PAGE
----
A bionic eye that allows blind people to read letters and words has been hailed as an "important breakthrough".
Millions of contact lens wearers who fail to clean their lenses correctly are at risk from an eye-devouring amoeba that can cause blindness.
There is new hope for patients fighting Retinitis Pigmentosa after scientists successfully replaced damaged nerve cells in the eyes of mice.
People with severe vision impairment due to retinitis pigmentosa are able to read letters and words with the help of a retinal implant, a report by the British Journal of Ophthalmology has shown.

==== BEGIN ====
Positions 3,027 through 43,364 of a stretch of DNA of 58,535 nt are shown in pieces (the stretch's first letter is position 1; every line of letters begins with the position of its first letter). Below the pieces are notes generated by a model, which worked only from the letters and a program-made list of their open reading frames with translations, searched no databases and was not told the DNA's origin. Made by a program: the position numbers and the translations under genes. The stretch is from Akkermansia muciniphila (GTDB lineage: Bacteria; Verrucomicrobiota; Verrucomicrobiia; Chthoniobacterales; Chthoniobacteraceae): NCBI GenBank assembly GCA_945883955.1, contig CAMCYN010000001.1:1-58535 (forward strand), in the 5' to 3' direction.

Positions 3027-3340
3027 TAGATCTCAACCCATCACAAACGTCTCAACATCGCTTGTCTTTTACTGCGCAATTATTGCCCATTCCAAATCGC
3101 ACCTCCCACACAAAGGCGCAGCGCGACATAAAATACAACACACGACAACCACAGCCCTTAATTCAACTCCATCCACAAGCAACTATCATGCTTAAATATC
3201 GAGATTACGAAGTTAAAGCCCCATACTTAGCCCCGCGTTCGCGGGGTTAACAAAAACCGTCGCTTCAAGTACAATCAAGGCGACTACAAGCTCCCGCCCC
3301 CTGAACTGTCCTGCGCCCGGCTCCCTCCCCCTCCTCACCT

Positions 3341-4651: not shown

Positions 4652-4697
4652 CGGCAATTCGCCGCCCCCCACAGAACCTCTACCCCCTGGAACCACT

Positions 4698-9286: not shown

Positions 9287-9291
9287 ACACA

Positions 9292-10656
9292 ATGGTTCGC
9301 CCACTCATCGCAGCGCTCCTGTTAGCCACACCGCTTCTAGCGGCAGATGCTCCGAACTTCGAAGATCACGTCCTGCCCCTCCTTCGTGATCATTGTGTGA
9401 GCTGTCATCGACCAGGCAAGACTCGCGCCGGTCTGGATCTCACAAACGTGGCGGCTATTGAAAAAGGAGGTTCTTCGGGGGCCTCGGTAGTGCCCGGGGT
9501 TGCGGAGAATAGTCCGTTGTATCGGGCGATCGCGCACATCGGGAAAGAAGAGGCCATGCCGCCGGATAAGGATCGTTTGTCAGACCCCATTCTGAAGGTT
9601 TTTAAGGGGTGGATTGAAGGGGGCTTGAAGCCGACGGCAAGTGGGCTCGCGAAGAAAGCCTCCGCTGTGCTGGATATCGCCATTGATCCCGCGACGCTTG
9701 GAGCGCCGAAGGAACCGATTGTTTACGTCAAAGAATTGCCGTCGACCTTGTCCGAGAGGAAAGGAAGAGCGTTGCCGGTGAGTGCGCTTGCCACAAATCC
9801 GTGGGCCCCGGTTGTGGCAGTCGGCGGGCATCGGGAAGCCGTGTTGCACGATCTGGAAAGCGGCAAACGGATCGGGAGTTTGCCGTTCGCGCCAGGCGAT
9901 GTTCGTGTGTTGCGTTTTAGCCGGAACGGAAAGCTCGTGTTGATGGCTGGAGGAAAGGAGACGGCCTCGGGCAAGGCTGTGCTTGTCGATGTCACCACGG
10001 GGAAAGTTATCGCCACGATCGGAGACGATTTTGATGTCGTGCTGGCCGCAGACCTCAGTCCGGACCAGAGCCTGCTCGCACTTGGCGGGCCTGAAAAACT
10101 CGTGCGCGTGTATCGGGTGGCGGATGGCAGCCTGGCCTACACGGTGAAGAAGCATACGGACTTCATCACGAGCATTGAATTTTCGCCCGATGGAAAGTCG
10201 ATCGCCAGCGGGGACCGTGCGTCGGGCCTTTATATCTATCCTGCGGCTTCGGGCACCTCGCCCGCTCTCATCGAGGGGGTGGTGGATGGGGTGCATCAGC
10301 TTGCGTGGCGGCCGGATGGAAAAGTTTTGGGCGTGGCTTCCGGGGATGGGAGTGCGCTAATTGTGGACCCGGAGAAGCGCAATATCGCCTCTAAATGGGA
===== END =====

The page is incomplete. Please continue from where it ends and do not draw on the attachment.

Richard Barrett, who has had the implant for nearly four years, told ITV News he can "perceive certain objects" but not tell the difference between a knife and fork.
Rachael Stevens explains how Retinitis Pigmentosa effects her and how she is "extraordinarily excited" by the breakthrough in research.
Professor Robin Ali explains how a study on mice could help treat patients suffering from Retinitis Pigmentosa: